A family doctor who helped create an anti-Black racism course for health professionals says she hopes participants will “unlearn” long-standing discriminatory practices that contribute to inequitable care for a vulnerable group.

Dr. Onye Nnorom, co-founder of the Black Health Education Collaborative based at the University of Toronto and Halifax’s Dalhousie University, said the online course, launched Thursday, addresses gaps in medical education by exploring how everyday systemic biases affect the health of a diverse community.

“Most of the time, it’s not going to be a physician who actually says something directly racist, or a slur or something like that. It’s simply a subtle lack of empathy, perhaps not going out of their way to provide resources. Or sometimes assumptions are made about a person or their level of education,” said Nnorom, an assistant professor at the University of Toronto’s Dalla Lana School of Public Health and Temerty Faculty of Medicine.

Nnorom said families are often “hyper vigilant” about any neglect or discrimination their loved ones may face while in hospital.

“One of the things that is difficult about racism in health care is that you’re not always sure if the way you’re treated, or your family is being treated, because it’s so subtle, is due to racism.”

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Nnorom said she spent a lot of time by her father’s bedside in 2015 when he had surgery for a hemorrhagic stroke related to dementia because she wanted to protect him from harm if necessary.

The six-hour, self-paced, online course was developed by the collaborative with partial funding from the Canadian Institutes of Health Research. It includes eight modules that cover topics including criminal justice, child welfare and the legacy of slavery.

Available on the collaborative’s website, the voluntary course costs between $275 and $350, depending on the number of registrants, and results in a certificate.

Nnorom said the collaborative is now working with the Medical Council of Canada to include questions about Black health on future exams. All medical students must pass the exam before they can work as doctors.

A woman wearing a white shirt and long silver earrings smiles into camera.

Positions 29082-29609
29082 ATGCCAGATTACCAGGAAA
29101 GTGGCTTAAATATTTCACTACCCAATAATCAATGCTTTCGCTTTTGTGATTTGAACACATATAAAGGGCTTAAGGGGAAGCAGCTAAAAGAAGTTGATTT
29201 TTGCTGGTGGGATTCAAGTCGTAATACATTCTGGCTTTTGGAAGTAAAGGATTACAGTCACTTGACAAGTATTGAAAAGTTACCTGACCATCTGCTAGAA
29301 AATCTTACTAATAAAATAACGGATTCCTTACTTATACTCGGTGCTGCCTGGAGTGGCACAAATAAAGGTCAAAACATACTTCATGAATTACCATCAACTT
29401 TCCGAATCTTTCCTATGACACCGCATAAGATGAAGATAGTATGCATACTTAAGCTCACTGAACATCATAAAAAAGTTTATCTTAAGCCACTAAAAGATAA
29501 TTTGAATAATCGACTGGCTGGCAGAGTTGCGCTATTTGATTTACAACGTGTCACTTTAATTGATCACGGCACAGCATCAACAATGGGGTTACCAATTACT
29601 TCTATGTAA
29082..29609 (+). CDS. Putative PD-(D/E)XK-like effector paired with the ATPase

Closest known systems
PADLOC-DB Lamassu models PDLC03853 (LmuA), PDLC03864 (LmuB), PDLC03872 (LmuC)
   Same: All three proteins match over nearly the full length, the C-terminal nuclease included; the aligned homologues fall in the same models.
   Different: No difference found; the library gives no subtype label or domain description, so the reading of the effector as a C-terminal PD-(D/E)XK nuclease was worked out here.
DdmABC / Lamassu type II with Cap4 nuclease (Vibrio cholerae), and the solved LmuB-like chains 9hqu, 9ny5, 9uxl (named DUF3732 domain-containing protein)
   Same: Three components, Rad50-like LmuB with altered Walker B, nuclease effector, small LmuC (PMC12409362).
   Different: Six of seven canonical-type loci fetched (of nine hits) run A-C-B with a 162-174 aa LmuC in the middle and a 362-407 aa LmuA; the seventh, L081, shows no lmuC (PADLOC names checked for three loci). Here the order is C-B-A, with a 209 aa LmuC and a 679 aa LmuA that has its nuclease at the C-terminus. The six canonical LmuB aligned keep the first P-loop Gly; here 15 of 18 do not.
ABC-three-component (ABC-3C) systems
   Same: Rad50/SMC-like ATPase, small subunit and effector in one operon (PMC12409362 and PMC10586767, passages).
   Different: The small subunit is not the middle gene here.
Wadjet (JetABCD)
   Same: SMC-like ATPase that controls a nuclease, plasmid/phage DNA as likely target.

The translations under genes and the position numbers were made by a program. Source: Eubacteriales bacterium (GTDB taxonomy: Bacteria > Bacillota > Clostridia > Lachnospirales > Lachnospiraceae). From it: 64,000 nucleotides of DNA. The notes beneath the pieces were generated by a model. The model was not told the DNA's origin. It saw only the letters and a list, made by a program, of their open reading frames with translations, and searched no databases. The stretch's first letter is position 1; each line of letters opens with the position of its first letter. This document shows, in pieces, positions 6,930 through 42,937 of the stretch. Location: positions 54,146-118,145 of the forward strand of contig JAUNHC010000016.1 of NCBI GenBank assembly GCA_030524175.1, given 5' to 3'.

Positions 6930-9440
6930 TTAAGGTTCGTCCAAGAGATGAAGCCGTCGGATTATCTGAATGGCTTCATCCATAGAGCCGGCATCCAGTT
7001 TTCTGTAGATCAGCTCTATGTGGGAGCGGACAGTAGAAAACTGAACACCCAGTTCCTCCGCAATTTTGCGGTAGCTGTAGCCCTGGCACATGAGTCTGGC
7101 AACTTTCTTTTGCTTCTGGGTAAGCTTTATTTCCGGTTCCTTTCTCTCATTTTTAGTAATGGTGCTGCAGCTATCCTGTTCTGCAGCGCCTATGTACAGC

Delayed diagnoses, inappropriate levels of pain management or being denied care are negative experiences other Black people have faced there in the health-care system, says OmiSoore H. Dryden. (Submitted by OmiSoore H. Dryden)

“Students will have to learn about Black health for the first time,” she said of the plan, adding that anti-Black racism is not part of all medical school curriculums.

It could also be a resource for medical schools, which set their own curriculums to address racism against other groups and be used as part of a continuing education component for administrators, nurses, doctors and public health officials, she said.

Harmful anti-Black misconceptions and social structures affect health in ways that could include high blood pressure and chronic diseases at an earlier age, she said.

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“It’s the stress that’s put on us that is impacting our health and not our faulty genes. We know that for high blood pressure, we see higher numbers for Black people, Indigenous people, South Asian people. Are you telling me that we all have the same mutation? Or are we experiencing similar situations? If it’s a situation, that’s injustice, and we can do something about it,” she said.

“We want health-care providers to understand it’s the situation that we’re living in everyday. And when we come to the hospital, it’s that much worse. We are put into another situation of racism.”

Discrimination entrenched

A Public Health Agency of Canada report released four years ago said discrimination against Black communities is deeply entrenched in the country’s institutions, policies and practices due to European colonization in Africa and the legacy of slavery, which was legal in Canada until 1834.

Race-based data is not collected in Canada to help show the predominance of various conditions on certain groups that may be due to social determinants of health.

A study published in the Canadian Medical Association Journal in 2016 found that nearly nine per cent of babies born to Black women were preterm between 2004 and 2006, compared to nearly six per cent for white women.

Nnorom said that type of data could help doctors more closely monitor the health of pregnant Black women who are also at greater risk of unemployment and housing inequity.

OmiSoore Dryden, an expert in Black studies at Dalhousie University’s faculty of medicine and a contributor to the course, said she saw several specialists for pain several years ago but some assumed she had sickle cell disease because it is more common among Black people.

However, she was eventually diagnosed with Crohn’s disease. 

“It was the idea that because I wasn’t white or Jewish that meant it couldn’t be Crohn’s, it had to be something else. This is where we see an over-reliance on race biology, or the idea that certain races, or certain people have specific types of illnesses.”

Dryden said she has lived in cities including Victoria, Vancouver, Toronto and Halifax, and has heard of negative experiences that other Black people have also faced there in the health-care system.

“I think all of us could come up with a number of experiences, whether it was delayed diagnoses, inappropriate levels of pain management or being denied care.”

Canadian Press health coverage receives support through a partnership with the Canadian Medical Association. CP is solely responsible for this content.

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